McLennan County, Texas
July 1908

JULY 02, 1908


Enough has developed in connection with the killing of J. T. Goode on Thursday night near Ben Hur to establish it as one of the darkest and most brutal assassinations known to Texas criminology.
Three negroes are under arrest charged with the crime. Circumstantial evidence against one of these is very strong and the web of guilt is being more firmly drawn around him every hour, and its meshes may; involve others and disclose a conspiracy to take the life of Goode for which the law scarcely supplies adequate punishment.
The negro against whom the weight of suspicion rests is known as Joe. He worked for Goode and occupied a room in the house in which Goode and his wife and her child by a former marriage resided. This negro states that he was not awakened by the explosion of the gun, though it occurred in eight feet of him.
Following the tracks leading from the house toward a tank on the premises, the tank was dragged and a double barreled shotgun was brought to the surface. This gun had an empty shell in the righthand barrel, and showed that it had recently been discharged. The left barrel was loaded.
The shells were the same kind sold one of the negroes the day before by a merchant in Ben Hur. The gun was that stolen from a neighbor on the Sunday night before the killing. A pair of shoes that fits the tracks also fit the foot of Joe, and have been identified as his.
The three negroes were hung up but steadily refused to make any statement that would incriminate themselves but told conflicting stories.
Negro women around the place profess no knowledge of the matter, yet they tell things that look ugly. Another arrest is expected at any time.
The people are cool, but they are determined to ferret out the crime and run down the guilty parties regardless of who they may be.
Mrs. Goode was a widow when she married Mr. Goode in Fort Worth about two and a half years ago. The name of her first husband was Hyfield; her maiden name was Pearle Glasscock.

JULY 26, 1912


The death of Mrs. W. S. Mizell which occurred at the Moody Sanitarium in San Antonio Friday morning, was unexpected to many other Mart friends and relatives who had not realized that her condition was so serious. It brought sadness to numberless hearts who held the deceased in highest esteem for her friends were legion. Mrs. Mizell had a heart truly responsive to the needs of suffering humanity. There was no night to dark and stormy for her to heed the call for help and her willing hands came like a ministering angel to soothe and relieve the suffering ones while she lived. Her last days were full of suffering which she patiently endured to the end.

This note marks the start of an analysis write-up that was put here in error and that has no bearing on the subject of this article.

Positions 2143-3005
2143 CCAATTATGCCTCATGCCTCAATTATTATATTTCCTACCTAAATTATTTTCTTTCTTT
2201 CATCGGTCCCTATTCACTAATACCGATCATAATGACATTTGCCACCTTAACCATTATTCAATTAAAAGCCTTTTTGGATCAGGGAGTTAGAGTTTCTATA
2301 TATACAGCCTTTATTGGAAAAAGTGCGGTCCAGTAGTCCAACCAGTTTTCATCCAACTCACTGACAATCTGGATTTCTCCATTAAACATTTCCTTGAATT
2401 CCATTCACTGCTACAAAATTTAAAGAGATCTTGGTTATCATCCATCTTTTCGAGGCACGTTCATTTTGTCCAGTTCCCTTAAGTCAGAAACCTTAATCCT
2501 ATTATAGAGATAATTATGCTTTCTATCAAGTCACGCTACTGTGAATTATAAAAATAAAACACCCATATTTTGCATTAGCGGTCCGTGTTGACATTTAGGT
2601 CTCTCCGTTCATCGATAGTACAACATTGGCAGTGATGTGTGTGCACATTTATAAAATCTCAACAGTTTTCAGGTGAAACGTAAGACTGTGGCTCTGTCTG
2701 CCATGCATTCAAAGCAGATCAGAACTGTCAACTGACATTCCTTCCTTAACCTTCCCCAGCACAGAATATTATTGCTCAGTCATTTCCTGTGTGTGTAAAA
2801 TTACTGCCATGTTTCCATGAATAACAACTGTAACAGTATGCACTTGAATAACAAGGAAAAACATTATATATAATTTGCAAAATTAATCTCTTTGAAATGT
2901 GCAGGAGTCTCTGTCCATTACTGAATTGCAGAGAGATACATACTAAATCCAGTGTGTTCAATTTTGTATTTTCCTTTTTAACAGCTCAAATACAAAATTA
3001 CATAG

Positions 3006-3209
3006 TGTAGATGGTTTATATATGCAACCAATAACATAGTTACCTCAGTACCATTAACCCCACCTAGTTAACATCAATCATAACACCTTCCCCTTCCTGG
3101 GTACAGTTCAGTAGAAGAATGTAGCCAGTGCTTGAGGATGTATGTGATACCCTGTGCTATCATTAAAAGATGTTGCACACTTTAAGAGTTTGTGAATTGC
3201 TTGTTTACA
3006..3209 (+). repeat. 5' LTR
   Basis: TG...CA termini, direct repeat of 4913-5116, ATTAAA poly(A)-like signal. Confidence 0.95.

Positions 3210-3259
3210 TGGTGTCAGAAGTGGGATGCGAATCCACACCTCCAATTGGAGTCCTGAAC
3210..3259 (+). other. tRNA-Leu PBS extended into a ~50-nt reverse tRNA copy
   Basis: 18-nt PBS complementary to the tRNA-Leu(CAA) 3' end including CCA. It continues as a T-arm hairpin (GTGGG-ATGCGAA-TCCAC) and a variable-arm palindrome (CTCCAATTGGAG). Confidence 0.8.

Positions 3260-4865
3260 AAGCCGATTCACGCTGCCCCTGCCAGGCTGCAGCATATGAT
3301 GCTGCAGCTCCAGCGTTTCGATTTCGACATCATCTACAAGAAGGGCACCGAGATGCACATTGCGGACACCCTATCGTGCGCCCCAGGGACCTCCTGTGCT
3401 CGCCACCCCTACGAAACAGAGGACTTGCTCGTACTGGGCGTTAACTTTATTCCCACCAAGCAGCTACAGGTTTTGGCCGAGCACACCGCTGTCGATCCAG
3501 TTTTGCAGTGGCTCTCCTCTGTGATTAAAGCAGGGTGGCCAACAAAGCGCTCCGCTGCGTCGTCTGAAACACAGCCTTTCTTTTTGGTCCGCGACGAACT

The body was brought to Mart from San Antonio, accompanied by the faithful husband and a daughter, Mrs. J. W. Thomas. The funeral services held at the Methodist Church 5 o'clock Saturday afternoon were deeply impressive and largely attended, showing the high esteem in which deceased was held by the community. Pastor Fort conducted the services paying a worthy tribute to the memory of the departed one and appealing to the living for a preparation for death, which is as sure as life is uncertain. He plead that sons and daughters should be faithful to their mothers while they are living, and repeated the testimony given him as her pastor by the deceased, that husband and children have been kind and faithful to her through all the trying days and years.
The body was tenderly laid to rest in Mart Cemetery. A bank of flowers brought by loving friends and sympathizers completely obscured the grave.
The ladies of the Woodman Circle of which the deceased had been a member, were present in a body.
Nothing could have been more beautiful than the sight presented when the Ladies of the Methodist Mission Society circled the grave with a wreath of roses, singing, "In the Sweet Bye and Bye"
It was no doubt such inspiration that caused the poet to write:
There is no Death! What seems so is transition.
This life of mortal breath
is but a suburb of the life elysian.
Whose portal we call Death,
She is not dead- the child of our affection
But goes unto that school
Where she no longer needs our protection
And Christ himself doth rule.
In the great closter's stillness and seclusion,
By gaurdians angels led,
Safe from temptation, safe from sins pollution
She lives, whom we call dead.

The honorary pallbearers were: Dr. E. L. Wedemeyer, A. P. Smyth, Dr. J. R. Gillam, Dr. M. L. Langford, J. E. Carroll and W. O. Sheely. The active pallbearers were L. W. Hillman, E. M. Parks, H. L. Hunter, G. M. Barnes, W. A. Lucas and J. L. Spencer.
Mrs. Mizell died at the age of 48 years. Besides her husband she leaves six children, Ray and Hardy Mizell, Miss Gertrude Mizell, Mrs. J.W. Thomas and Mrs. Joe Wayland of Mart, and Mrs. Chas Robinson of Tyler, all of whom were present at the funeral. There were also present Mrs. Dave Magee and J.O Ray of Waxahachie, a sister and a brother.
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